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Gallucci v. Schaffer

August 28, 2007


The opinion of the court was delivered by: Gladys Kessler United States District Judge


Plaintiff William T. Gallucci alleges that Defendants, the law firm Ashcraft & Gerel, LLP and three of its lawyers, committed malpractice in 1976 when they failed to advise him that his workers' compensation had been calculated incorrectly. This matter is now before the Court on Defendants' Motion to Dismiss [Dkt. No. 4]. Upon consideration of the Motion, Opposition, Reply, Supplemental Memorandum, Response to Supplemental Memorandum, and the entire record herein, and for the reasons stated below, Defendants' Motion is granted.


A. Facts*fn1

On July 9, 1972, Plaintiff started a 48-month apprenticeship program at the Bureau of Engraving and Printing ("Bureau"). If he had completed the program, he would have had the opportunity to advance to the position of a plate printer on July 9, 1976. Approximately nine months into the program, on April 23, 1973, Plaintiff injured his hip and back at work.

In October 1973, Plaintiff retained Defendant Mark L. Schaffer ("Schaffer") of Ashcraft & Gerel, LLP to represent him in workers' compensation proceedings before the Department of Labor's Office of Workers' Compensation Programs ("OWCP"). OWCP approved Plaintiff's application for workers' compensation based on the pay rate for an apprentice printer and Plaintiff began receiving monthly payments. In 1975, Plaintiff sought a hearing on OWCP's calculation of his loss of wage earning capacity ("LWEC") to establish the baseline payments he would receive from that time forward. OWCP affirmed its initial calculation on July 13, 1976. On August 19, 1976, OWCP informed Plaintiff that its decision was final and appealable.

Plaintiff claims that the OWCP's calculation was incorrect. He argues that the Federal Employees Compensation Act ("FECA"), 5 U.S.C. § 8113 ("§ 8113"), entitles federal employees who are apprentices at the time of a work-related injury to be compensated as though they had progressed through the normal hierarchy of their trade. Because he was an apprentice at the time of his injury, Plaintiff claims that, pursuant to § 8113, he was entitled to a higher baseline pay beginning July 9, 1973, and each year thereafter, when he would have advanced to the next year of apprenticeship. He further claims that because his apprenticeship would have ended on July 9, 1976, his workers' compensation should have increased on that date to account for the pay level of a plate printer.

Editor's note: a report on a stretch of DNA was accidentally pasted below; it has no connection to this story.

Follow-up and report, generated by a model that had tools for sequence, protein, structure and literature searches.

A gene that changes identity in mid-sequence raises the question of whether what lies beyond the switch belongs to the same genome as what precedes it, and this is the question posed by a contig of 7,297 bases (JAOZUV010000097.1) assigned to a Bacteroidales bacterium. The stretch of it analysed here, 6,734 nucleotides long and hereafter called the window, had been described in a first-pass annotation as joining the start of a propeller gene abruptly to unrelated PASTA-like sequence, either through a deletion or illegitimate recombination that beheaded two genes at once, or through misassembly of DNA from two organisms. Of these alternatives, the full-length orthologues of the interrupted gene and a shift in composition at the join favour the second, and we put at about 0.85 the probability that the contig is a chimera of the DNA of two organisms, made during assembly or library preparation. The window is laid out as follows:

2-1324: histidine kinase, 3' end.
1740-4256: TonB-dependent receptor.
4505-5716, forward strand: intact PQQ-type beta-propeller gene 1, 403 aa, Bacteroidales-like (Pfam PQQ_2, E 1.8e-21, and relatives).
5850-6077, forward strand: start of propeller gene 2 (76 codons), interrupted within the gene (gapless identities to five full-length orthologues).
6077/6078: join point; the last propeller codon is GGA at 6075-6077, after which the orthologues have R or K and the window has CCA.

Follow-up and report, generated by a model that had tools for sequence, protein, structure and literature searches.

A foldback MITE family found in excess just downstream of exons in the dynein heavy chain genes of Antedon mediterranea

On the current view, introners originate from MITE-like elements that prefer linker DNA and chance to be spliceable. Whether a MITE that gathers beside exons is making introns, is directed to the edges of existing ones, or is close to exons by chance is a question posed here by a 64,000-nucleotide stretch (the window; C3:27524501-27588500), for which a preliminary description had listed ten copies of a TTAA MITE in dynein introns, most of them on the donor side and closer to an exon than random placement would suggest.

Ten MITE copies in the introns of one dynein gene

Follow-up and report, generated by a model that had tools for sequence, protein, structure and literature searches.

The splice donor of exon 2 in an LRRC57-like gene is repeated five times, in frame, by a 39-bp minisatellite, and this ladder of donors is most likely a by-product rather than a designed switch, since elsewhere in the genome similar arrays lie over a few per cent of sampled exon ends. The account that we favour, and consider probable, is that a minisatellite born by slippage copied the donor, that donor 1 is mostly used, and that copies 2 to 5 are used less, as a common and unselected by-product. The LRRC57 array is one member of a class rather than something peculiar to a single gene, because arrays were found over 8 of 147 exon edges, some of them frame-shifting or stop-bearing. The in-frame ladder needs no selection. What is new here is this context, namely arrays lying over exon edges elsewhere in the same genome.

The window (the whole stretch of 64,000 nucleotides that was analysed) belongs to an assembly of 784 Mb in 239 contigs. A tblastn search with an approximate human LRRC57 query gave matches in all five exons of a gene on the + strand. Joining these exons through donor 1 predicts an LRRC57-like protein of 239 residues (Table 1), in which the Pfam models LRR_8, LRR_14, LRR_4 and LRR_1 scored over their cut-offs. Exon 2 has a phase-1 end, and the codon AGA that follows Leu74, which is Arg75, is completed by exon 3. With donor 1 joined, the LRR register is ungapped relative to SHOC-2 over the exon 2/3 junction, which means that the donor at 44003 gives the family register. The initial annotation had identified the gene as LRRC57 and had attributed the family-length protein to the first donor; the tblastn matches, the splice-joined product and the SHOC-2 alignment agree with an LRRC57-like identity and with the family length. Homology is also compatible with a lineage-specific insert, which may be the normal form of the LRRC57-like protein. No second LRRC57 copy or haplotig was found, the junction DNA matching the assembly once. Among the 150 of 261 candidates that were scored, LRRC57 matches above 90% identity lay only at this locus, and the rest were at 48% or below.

After receipt of the OCWP's July 13, 1976 decision, Plaintiff asked Schaffer why the LWEC calculation was so low. He claims that Schaffer advised him that it would be pointless to fight the OWCP's determination. He further claims that Schaffer did not inform him of any rights to increased payments under § 8113.

Almost 25 years later, on May 15, 2001, an individual unconnected to Defendants,*fn2 Thomas P. Fochs ("Fochs"), sent a letter on Plaintiff's behalf to the OWCP.*fn3 Fochs's letter stated that "Mr. Gallucci objects to the Loss of Wage Earning Capacity Determination of February 21, 1975. . . ." Def.'s Mot. Ex. D ("May 15, 2001 Letter") at 1. The May 15, 2001 Letter further stated that

Mr. Gallucci is entitled to an increased rate of compensation under 5 USC §8113(a) of the FECA because he was in a 'learners' position at the time of his injury. Consequently, the OWCP erred by failing to pay Mr. Gallucci an increased rate of pay because his injury prevented him from obtaining the higher-paying position he would have achieved at the end of his formal four-year Apprentice Program at the Bureau of Engraving and Printing.

Id. at 33. To correct that alleged error, the letter requested that the OWCP "re-compute Mr. Gallucci's Date of Injury wage rate because he was in a 'learner's position' under 5 USC §8113(a), and pay the unpaid compensation owed him . . . ." Id. at 38.

Plaintiff claims that, on October 15, 2002, OWCP issued a preliminary finding that the pay rate used in Plaintiff's case was erroneous, based on § 8113 and longstanding Department of Labor policy.*fn4 According to Plaintiff, OWCP concluded in its preliminary finding that Plaintiff's "compensation payments for the time period beginning on July 13, 1976 previously should have been, and prospectively should be, based on the pay rate for a journeyman printer, not an apprentice printer." Pl.'s Supp. Mem. Ex. 1 ("Gallucci Decl.") at ¶ 15.

Plaintiff claims that in November 2002, after the OWCP's preliminary finding on October 15, 2002, he called Defendant Ashcraft & Gerel, LLP "and spoke with an attorney from the firm for around forty minutes. During this conversation, [Plaintiff] detailed how [he] had been underpaid for over thirty years due to Mark Schaffer's failure to competently and thoroughly represent [him]. At the conclusion of the conversation the attorney told [Plaintiff] that 'there was nothing they can do to help [him].'" Gallucci Decl. at ¶ 13. Defendants deny that any such conversation occurred.

Plaintiff claims that the Bureau of Engraving has resisted paying his recalculated workers' compensation. He further claims that OWCP has twice calculated the amount of back-benefits owed to him. On May 21, 2003, OWCP calculated that the amount of back-benefits owed for the period from August 13, 1981 to September 9, 2000 due to the pay rate error was $828,980.11. On July 16, 2004, OWCP issued a revised calculation in which it concluded that Plaintiff ...

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